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pensarenmusaranyes · 21 days ago
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pensarenmusaranyes · 22 days ago
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The way we laugh. At our own desires. The way we mock ourselves. Before anyone else can. The way we are wired to kill. Ourselves.
Deborah Levy, Things I Don’t Want to Know (via fleurjaeggy)
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pensarenmusaranyes · 22 days ago
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“That spring when life was very hard and I was at war with my lot and simply couldn’t see where there was to get to, I seemed to cry most on escalators at train stations. Going down them was fine but there was something about standing still and being carried upwards that did it. From apparently nowhere tears poured out of me and by the time I got to the top and felt the wind rushing in, it took all my effort to stop myself from sobbing. It was as if the momentum of the escalator carrying me forwards and upwards was a physical expression of a conversation I was having with myself. Escalators, which in the early days of their inventions were known as ‘travelling staircases’ or ‘magic stairways’, had mysteriously become danger zones. (…)”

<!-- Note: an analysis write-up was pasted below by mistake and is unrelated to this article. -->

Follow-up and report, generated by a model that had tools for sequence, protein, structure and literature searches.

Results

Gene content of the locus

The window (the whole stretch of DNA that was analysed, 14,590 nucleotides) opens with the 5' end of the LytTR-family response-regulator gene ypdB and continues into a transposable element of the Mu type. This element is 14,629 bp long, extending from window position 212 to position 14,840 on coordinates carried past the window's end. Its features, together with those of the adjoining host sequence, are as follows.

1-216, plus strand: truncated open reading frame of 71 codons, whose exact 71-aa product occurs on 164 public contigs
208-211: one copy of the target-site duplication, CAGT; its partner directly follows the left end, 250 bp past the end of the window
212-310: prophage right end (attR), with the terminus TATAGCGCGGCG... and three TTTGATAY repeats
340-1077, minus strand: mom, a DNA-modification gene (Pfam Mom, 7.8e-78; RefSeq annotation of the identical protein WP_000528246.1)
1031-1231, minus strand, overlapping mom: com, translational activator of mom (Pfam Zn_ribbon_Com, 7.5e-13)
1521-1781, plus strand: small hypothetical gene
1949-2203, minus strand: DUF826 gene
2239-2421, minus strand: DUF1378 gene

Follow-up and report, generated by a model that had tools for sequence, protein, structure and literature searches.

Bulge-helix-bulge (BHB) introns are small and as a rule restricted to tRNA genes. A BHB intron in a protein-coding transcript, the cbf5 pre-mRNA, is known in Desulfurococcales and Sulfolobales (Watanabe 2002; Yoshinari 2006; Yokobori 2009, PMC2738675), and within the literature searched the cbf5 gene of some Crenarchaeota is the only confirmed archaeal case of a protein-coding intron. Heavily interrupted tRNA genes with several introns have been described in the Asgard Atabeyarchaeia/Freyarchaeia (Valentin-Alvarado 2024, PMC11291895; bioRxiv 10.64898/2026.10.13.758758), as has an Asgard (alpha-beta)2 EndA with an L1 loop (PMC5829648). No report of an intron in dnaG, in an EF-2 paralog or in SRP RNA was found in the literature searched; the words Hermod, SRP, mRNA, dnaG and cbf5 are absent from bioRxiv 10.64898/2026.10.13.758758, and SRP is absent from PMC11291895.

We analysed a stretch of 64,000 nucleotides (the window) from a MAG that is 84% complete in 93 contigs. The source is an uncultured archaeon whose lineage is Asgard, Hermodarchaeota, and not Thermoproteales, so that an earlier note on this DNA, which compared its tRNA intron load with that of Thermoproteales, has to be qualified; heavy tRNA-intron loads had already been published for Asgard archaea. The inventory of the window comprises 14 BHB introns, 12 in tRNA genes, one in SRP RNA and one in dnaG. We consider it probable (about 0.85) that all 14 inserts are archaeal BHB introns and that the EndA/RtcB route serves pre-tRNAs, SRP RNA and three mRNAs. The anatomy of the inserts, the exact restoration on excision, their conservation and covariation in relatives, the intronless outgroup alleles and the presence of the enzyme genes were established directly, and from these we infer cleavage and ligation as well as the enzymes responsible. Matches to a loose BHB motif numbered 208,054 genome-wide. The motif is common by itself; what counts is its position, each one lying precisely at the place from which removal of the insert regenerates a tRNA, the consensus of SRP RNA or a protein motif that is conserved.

- Deborah Levy, Things I Don’t Want to Know, from Political Purpose.
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pensarenmusaranyes · 22 days ago
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Deborah Levy, em Coisas que não Quero Saber.
[ID do texto: Quando a felicidade acontece, parece que nada aconteceu antes dela, é uma sensação que só se dá no tempo presente.]
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pensarenmusaranyes · a month ago
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Carcassonne, France 
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pensarenmusaranyes · a month ago
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pensarenmusaranyes · a month ago
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Nan Goldin, Heart Shaped Bruise, NYC, 1980
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pensarenmusaranyes · a month ago